Scroll to top
© 2022, Queer geography, z.s.
en cs

Author: Jade MacEwan

Fifty ambassadors from various countries around the globe, as well as representatives of international organisations, recently signed a letter expressing their support for LGBT+ people in Poland. It was published as an open letter on 27 September and presented by the Belgian, Danish and UK ambassadors to the organisers of the Polish Equality Parade and a representative of the Polish government on the 9 October. The letter acknowledged the efforts to raise public awareness by the organisers and participants of equality parades which were planned to take place across Poland, although most parades had to be cancelled this year due to the Covid-19 crisis. It pointed out that governments in EU states are obliged “to protect all citizens from violence and discrimination and to ensure they enjoy equal opportunities” and that LGBT+ people are entitled to the full enjoyment of fundamental human rights (GOV.UK, 2020).

Polish leaders rejected the letter signed by the ambassadors, stating that they do not agree that LGBT+ people are deprived of human rights or respect in Poland. Mateusz Morawiecki, the Prime Minister of Poland, responded to the letter by saying, “dear Ambassadors, I can only tell you that tolerance is in Poles’ DNA. Nobody needs to teach us tolerance”. In response to a tweet from the US Ambassador Georgette Mosbacher, which stated that “human rights are not an ideology – they are universal”, the deputy head of the ruling Law and Justice Party, Joachim Brudzinski, tweeted that he expected another letter in defence of persecuted and “murdered” Christians. However, there are no instances of persecution of Christians in Poland, which is a predominantly Catholic state, and therefore it was not clear what Brudzinski meant by this statement (NBC News, 2020). In fact, the law favours the Catholic church in Poland, which is openly against better rights for LGBT+ people. At the Polish Episcopal Conference in August, Catholic bishops called for “conversion therapy clinics” to be opened in Poland, stating that they wanted “to help people regain their sexual health and natural sexual orientation” (Pink News, September 2020).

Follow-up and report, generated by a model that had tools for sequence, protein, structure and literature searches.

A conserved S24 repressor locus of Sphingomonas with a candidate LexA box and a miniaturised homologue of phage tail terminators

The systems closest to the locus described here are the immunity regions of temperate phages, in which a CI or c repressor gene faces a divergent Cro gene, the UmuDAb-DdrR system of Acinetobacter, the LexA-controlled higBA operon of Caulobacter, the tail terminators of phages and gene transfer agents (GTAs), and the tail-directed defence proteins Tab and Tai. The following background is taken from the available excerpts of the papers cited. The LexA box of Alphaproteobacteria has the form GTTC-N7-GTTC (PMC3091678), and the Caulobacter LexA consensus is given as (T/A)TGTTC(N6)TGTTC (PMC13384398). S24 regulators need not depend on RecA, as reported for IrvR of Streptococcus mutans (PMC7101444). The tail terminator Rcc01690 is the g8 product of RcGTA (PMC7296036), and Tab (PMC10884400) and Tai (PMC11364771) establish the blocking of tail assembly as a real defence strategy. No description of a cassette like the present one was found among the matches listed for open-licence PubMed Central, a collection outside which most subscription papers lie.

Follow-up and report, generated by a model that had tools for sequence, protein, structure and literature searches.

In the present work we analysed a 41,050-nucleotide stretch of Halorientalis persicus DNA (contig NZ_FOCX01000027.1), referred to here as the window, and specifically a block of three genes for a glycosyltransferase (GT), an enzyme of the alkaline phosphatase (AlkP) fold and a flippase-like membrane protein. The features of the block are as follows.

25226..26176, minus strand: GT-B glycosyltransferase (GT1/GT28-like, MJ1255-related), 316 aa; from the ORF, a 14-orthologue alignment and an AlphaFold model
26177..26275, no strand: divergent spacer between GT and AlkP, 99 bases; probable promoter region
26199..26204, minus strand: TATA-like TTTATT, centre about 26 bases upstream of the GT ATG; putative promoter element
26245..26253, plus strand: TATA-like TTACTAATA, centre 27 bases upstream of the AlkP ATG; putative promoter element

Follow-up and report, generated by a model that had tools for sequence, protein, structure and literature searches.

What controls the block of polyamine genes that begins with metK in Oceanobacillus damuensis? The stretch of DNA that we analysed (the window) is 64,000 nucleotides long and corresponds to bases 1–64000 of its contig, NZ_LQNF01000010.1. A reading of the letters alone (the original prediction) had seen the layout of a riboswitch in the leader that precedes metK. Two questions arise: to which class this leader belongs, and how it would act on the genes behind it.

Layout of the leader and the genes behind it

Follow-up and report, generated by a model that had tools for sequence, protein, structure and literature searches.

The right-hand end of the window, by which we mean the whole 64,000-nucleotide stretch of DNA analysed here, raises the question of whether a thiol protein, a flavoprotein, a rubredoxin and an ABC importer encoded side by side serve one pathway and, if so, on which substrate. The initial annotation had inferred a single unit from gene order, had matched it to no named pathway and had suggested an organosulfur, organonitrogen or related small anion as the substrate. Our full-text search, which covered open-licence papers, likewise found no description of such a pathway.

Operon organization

The bishops understood and admitted that such “conversion therapy clinics” go against scientific evidence, but insisted that they could testify that “different sexuality wasn’t some kind irrevocable judgment or irretrievable coding, but a symptom of wounds on various levels of their personality”. This is just one of many attacks on LGBT+ people by the Catholic church (Pink News, September 2020). Filmmaker and activist couple Jakub and David said in an interview with Polish media that “Polish bishops called us paedophiles, they say that we are a disease and even COVID-19 is a punishment for the world for LGBT+ sins.” In an attempt to bring awareness to the situation facing LGBT+ people in Poland, Jakub and David travelled to the Vatican in August, where they held out a huge rainbow flag in front of Pope Francis, with the word “help” written on it. They said that the actions of the Polish bishops are contrary to Pope Francis’s teaching and that Pope Francis says that “it doesn’t matter that you are gay, God loves you as you are.” However, the Pope has not made any significant changes to Catholic policy with regard to LGBT+ people, although he is more welcoming towards LGBT+ people than previous popes (Pink News, August 2020).